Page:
Not since the horror of World War II has the planet seen a forced migration the size of the Syrian diaspora that began three years ago when seemingly innocuous government protests escalated into a bloody civil war. The subsequent implosion has left 9 million Syrians displaced, 2.5 million of whom have fled across borders into neighboring countries as refugees.
The Kingdom of Jordan has taken in over 600,000 Syrians since the fighting began, struggling to house the unanticipated numbers of new arrivals in refugee camps whose resources have been pushed well beyond their limits. An estimated 80% of the Syrians in Jordan have hunkered down outside camps, fending for themselves to avoid the poor conditions and detainment associated with camp life. The tradeoff: Outside the camps, Syrians have less access to the aid on offer and are more susceptible to the unsavory forces attracted to those in positions of desperate need.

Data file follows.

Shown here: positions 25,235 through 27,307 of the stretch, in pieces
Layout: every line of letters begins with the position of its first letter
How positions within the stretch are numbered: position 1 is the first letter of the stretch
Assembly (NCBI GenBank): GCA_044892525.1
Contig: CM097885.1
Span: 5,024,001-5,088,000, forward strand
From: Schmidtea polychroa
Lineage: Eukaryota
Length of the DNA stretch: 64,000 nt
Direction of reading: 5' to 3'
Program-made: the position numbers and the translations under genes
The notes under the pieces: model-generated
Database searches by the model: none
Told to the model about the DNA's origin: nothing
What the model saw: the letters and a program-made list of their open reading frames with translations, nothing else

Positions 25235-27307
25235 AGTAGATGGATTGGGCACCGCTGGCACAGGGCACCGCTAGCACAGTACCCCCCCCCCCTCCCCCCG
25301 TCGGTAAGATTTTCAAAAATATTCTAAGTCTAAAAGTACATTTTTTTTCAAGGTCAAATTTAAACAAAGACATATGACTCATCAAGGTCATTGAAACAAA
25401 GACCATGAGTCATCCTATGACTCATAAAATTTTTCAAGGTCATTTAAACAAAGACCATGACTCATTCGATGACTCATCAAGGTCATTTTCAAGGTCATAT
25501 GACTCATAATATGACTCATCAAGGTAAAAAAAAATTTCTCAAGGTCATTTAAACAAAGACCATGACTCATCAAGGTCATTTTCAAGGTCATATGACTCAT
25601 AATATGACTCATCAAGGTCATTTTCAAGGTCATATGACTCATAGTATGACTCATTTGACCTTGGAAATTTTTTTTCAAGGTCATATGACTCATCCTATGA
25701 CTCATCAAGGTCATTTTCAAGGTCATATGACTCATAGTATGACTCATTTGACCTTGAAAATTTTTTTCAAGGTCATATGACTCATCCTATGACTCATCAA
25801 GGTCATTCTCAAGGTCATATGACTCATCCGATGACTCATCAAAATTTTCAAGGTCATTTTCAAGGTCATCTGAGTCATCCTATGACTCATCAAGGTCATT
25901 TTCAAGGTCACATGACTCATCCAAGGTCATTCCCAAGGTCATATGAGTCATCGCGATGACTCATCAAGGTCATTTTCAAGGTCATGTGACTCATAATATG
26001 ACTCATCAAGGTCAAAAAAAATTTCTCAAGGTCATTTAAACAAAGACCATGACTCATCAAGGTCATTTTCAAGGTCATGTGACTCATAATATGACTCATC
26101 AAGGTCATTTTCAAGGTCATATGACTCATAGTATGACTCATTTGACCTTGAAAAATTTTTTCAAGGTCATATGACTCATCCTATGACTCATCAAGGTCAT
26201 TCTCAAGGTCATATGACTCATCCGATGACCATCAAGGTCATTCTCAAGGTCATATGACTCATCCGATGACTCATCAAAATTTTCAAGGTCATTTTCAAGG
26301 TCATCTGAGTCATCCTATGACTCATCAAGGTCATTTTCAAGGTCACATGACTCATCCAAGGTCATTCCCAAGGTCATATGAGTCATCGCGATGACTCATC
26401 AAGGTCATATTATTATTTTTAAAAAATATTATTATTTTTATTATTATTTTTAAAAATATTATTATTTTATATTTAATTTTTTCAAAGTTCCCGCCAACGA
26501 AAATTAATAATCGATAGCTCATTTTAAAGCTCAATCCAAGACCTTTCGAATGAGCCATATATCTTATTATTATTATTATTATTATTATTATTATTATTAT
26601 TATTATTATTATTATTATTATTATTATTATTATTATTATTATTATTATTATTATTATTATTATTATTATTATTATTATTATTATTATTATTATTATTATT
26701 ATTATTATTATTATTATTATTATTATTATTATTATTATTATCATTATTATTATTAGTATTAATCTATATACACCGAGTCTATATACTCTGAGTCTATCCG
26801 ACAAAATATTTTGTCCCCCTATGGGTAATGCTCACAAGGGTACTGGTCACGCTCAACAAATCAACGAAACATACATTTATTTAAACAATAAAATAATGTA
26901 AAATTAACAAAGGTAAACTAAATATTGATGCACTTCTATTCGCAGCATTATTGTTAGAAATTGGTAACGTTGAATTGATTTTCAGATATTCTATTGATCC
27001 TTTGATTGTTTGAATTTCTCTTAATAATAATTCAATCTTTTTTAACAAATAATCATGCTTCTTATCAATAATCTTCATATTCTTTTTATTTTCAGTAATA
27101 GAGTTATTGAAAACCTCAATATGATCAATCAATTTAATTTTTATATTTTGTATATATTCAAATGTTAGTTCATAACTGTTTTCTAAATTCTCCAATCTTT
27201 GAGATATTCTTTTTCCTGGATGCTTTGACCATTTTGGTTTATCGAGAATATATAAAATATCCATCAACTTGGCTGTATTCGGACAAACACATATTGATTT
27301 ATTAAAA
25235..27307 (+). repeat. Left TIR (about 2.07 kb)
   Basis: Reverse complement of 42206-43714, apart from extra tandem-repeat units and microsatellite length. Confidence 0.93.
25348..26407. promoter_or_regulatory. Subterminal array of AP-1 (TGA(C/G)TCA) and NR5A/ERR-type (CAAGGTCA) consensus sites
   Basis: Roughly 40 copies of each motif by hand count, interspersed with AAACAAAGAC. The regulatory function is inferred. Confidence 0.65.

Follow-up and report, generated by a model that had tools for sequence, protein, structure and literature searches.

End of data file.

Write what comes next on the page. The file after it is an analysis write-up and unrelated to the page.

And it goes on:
Wherever Syrians have found themselves, in addition to having lost their homes and their livelihoods, they’re saddled with the emotional traumas inflicted by witnessing their communities destroyed and families and friends senselessly murdered. While proving challenging beyond all initial estimates, the difficulty of providing logistical solutions to their influx will pale in comparison to the greater long-term task of healing these deep wounds.